One woman stayed by a stranger’s side hours after he died from gunshot wounds in Sunday night’s horrific shooting at a Las Vegas music festival.
Heather Gooze told CBC Radio she was bartending at the Route 91 Harvest Music Festival when gunfire erupted.
“I had a British gentlemen’s credit card in my hand and was like swiping it through the machine to charge for his Budweiser when all of a sudden there was thousands of people pushing their way into the bar and screaming and saying, ‘Shooter!'” Gooze said.
“It sounded like thousands of fireworks going off.”
A gunman had opened fire on the crowd from the 32nd floor of the nearby Mandalay Bay Resort and Casino.
Hoards of people ran for their lives as the gunfire sprayed down on the crowd. Gooze was about to flee herself, she told CBC Radio, but “something inside of me made me stop.”
Wounded festivalgoers suddenly filled the bar area, many of them carried on makeshift stretchers by other attendees. Gooze helped load one man with a head wound into the back of an ambulance.
Then, a group of men brought in a bleeding young man on a piece of security fencing. They left him with Gooze as they went back out in search of more victims.
She took the man’s hand in hers.
“I felt his fingers, like, tighten and then loosen,” she told CBC Radio.
She checked his vitals and realized he was already dead, she said.
The man’s phone started ringing. Gooze answered. It was his friend, who told her the man’s name was Jordan McIldoon, a 23-year-old Canadian from Maple Ridge.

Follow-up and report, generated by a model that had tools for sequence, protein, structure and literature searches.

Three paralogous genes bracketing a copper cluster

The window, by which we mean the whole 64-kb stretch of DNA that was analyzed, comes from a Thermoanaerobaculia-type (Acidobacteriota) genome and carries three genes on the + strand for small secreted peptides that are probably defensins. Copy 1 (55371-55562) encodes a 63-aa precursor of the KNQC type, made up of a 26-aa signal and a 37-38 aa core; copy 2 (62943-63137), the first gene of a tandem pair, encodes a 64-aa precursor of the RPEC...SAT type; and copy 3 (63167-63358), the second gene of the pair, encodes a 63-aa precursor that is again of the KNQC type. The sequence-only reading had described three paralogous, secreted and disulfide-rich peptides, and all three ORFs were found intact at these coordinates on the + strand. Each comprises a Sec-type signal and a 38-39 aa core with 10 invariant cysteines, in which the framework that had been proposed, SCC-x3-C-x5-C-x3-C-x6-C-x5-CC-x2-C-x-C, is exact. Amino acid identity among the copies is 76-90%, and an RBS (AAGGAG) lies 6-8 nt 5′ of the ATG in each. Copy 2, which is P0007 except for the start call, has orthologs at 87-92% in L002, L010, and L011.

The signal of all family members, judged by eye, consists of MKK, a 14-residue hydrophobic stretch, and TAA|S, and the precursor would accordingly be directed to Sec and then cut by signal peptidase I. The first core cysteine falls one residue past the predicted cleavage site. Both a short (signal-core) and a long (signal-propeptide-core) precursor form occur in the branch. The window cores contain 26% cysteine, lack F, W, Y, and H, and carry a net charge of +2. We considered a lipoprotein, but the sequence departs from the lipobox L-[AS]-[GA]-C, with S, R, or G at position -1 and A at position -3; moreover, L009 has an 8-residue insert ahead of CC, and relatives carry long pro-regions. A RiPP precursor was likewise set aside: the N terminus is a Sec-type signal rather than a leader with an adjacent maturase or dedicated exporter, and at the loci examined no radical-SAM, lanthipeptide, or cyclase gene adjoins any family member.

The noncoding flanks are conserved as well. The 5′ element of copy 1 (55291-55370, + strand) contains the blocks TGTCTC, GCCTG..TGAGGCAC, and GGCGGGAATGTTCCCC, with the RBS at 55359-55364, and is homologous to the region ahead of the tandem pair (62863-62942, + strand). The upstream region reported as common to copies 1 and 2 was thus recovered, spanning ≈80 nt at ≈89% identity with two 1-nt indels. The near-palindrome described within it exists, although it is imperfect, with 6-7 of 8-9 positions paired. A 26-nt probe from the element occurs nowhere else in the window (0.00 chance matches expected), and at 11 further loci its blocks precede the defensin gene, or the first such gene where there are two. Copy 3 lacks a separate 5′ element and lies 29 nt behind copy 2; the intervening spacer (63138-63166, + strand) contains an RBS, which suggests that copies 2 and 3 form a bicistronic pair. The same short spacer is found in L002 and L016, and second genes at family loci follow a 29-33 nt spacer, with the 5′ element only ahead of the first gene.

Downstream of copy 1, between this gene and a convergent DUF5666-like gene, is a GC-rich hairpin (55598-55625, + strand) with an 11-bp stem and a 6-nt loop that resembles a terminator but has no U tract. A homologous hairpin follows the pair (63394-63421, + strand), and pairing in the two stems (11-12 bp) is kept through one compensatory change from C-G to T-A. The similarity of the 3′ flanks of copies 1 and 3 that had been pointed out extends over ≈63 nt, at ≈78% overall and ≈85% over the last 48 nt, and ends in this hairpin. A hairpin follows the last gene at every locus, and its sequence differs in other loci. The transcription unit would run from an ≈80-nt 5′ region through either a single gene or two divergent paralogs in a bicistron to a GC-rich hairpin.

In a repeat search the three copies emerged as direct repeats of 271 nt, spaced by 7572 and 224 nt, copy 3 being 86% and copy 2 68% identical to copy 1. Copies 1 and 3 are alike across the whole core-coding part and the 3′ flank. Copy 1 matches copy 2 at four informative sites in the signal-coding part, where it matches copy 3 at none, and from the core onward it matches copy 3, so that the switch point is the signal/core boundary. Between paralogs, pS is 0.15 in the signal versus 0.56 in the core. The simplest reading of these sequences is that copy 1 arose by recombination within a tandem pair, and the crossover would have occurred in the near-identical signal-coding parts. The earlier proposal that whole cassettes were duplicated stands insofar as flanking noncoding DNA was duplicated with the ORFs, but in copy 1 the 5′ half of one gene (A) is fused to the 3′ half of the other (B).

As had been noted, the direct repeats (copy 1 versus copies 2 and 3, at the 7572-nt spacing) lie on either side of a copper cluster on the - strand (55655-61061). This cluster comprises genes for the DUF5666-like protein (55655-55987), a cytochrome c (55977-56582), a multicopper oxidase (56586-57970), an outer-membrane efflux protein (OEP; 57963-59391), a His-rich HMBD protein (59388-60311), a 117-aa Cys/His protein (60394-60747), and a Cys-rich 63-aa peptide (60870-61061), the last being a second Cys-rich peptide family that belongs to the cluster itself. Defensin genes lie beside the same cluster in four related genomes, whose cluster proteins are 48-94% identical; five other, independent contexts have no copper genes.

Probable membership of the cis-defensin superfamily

Gooze said she wrote his name on his arm. She then found him on Facebook and messaged his family.
His phone rang again. It was his mother, who told her McIldoon had attended the music festival with his girlfriend.
Gooze took down the girlfriend’s number and called her. She was alive, unharmed and in lockdown at the Tropicana hotel.
Gooze informed McIldoon’s girlfriend he didn’t survive.
“At that point, I promised her that I would absolutely not leave his side, that I would be her contact, that I would make sure she knew where he was going to be moved to, what was going on,” she told CBC Radio.
McIldoon’s mother called his phone again, and Gooze made her the same promise — that she’d remain by his side.
Gooze told CBC Radio she stayed with McIldoon’s body for more than five hours.
“I couldn’t just leave him by himself,” she said. “I don’t know, I just couldn’t leave him.”
Gooze said she continued acting as a liaison to McIldoon’s family until police arrived. At least 59 people were killed and another 527 were injured that night, making the shooting the deadliest in modern U.S. history.
“I would never want myself or one of my family members to be left alone,” Gooze told CBC Radio. “I needed to make sure that they could identify him, that they knew who he was, that they knew he has a girlfriend who was here.”
Gooze still insists she’s “not a hero.”
“People were running into the … line of fire and finding bodies and finding people and trying to save their life,” she said. “I just happened to be in the place where I was able to help.”